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AAPS J. 2016 May;18(3):589-604. doi: 10.1208/s12248-016-9889-y. Epub 2016 Mar 10.

Gut Wall Metabolism. Application of Pre-Clinical Models for the Prediction of Human Drug Absorption and First-Pass Elimination.

Author information

1
Oncology Innovative Medicines DMPK, AstraZeneca, Alderley Park, Cheshire, UK. christopher.jones@heptares.com.
2
Heptares Therapeutics Ltd, BioPark Broadwater Road, Welwyn Garden City, AL73AX, UK. christopher.jones@heptares.com.
3
Simcyp Limited (a Certara Company), Blades Enterprise Centre, John Street, Sheffield, S2 4SU, UK.
4
CVMD Innovative Medicines DMPK, AstraZeneca, Mölndal, Sweden.
5
Investigative ADME, Non Clinical Development, UCB New Medicines, BioPharma SPRL, Chemin de Foriest, B-1420, Braine A'lleud, Belgium.
6
Drug Safety and Metabolism DMPK, AstraZeneca, Mölndal, Sweden.
7
Modelling and Simulation, Respiratory, Inflammation and Autoimmunity Innovative Medicines DMPK, AstraZeneca, Mölndal, Sweden.
8
Centre for Applied Pharmacokinetic Research, Manchester School of Pharmacy, University of Manchester, Manchester, M13 9PT, UK.

Abstract

Quantifying the multiple processes which control and modulate the extent of oral bioavailability for drug candidates is critical to accurate projection of human pharmacokinetics (PK). Understanding how gut wall metabolism and hepatic elimination factor into first-pass clearance of drugs has improved enormously. Typically, the cytochrome P450s, uridine 5'-diphosphate-glucuronosyltransferases and sulfotransferases, are the main enzyme classes responsible for drug metabolism. Knowledge of the isoforms functionally expressed within organs of first-pass clearance, their anatomical topology (e.g. zonal distribution), protein homology and relative abundances and how these differ across species is important for building models of human metabolic extraction. The focus of this manuscript is to explore the parameters influencing bioavailability and to consider how well these are predicted in human from animal models or from in vitro to in vivo extrapolation. A unique retrospective analysis of three AstraZeneca molecules progressed to first in human PK studies is used to highlight the impact that species differences in gut wall metabolism can have on predicted human PK. Compared to the liver, pharmaceutical research has further to go in terms of adopting a common approach for characterisation and quantitative prediction of intestinal metabolism. A broad strategy is needed to integrate assessment of intestinal metabolism in the context of typical DMPK activities ongoing within drug discovery programmes up until candidate drug nomination.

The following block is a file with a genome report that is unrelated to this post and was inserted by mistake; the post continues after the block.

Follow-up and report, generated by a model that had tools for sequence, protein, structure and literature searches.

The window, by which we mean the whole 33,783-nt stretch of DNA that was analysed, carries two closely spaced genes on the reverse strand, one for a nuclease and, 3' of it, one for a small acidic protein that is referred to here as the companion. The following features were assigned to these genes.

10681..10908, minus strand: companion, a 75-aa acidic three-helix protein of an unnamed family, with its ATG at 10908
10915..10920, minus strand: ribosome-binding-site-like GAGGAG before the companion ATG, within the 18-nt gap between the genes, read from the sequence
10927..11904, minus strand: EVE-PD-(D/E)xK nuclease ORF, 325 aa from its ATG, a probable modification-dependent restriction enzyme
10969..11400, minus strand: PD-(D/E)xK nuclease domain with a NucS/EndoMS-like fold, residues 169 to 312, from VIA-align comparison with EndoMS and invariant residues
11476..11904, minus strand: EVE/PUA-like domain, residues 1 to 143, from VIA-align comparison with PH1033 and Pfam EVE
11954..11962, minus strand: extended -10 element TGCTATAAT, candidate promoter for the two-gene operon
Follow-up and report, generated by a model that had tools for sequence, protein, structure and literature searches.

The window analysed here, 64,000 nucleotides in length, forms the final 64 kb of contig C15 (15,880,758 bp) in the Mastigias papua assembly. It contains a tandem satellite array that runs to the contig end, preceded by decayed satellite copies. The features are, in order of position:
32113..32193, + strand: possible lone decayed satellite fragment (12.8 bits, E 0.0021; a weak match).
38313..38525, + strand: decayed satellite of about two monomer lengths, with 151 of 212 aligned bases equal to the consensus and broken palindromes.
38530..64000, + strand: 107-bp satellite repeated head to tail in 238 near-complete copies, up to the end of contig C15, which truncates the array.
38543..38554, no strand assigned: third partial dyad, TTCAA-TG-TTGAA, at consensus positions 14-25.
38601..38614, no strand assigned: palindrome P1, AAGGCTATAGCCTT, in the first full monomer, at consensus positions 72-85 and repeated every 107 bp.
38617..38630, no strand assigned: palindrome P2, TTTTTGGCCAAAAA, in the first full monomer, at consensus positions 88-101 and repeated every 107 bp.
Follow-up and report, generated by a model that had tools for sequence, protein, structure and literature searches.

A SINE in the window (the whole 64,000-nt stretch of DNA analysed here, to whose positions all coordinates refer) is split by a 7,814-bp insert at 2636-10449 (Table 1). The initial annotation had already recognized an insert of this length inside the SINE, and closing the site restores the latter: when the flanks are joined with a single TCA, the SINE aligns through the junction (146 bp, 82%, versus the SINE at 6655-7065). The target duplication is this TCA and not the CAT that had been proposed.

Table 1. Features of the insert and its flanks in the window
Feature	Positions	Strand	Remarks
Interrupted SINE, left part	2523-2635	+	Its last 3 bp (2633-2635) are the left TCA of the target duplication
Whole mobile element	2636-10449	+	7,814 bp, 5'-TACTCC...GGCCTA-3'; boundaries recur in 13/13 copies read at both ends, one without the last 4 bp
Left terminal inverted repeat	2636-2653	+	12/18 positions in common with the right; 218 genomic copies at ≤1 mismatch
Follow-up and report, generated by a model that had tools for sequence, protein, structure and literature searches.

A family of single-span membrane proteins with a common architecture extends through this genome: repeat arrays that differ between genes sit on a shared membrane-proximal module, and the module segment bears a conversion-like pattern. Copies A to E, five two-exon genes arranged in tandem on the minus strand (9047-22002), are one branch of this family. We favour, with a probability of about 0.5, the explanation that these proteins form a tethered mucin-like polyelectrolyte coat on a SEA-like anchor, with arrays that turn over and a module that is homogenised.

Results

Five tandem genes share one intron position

KEYWORDS:

animal models; drug-metabolising enzymes; first-pass oral clearance; gut wall metabolism; oral bioavailability

PMID:
26964996
PMCID:
PMC5256607
DOI:
10.1208/s12248-016-9889-y
[Indexed for MEDLINE]
Free PMC Article

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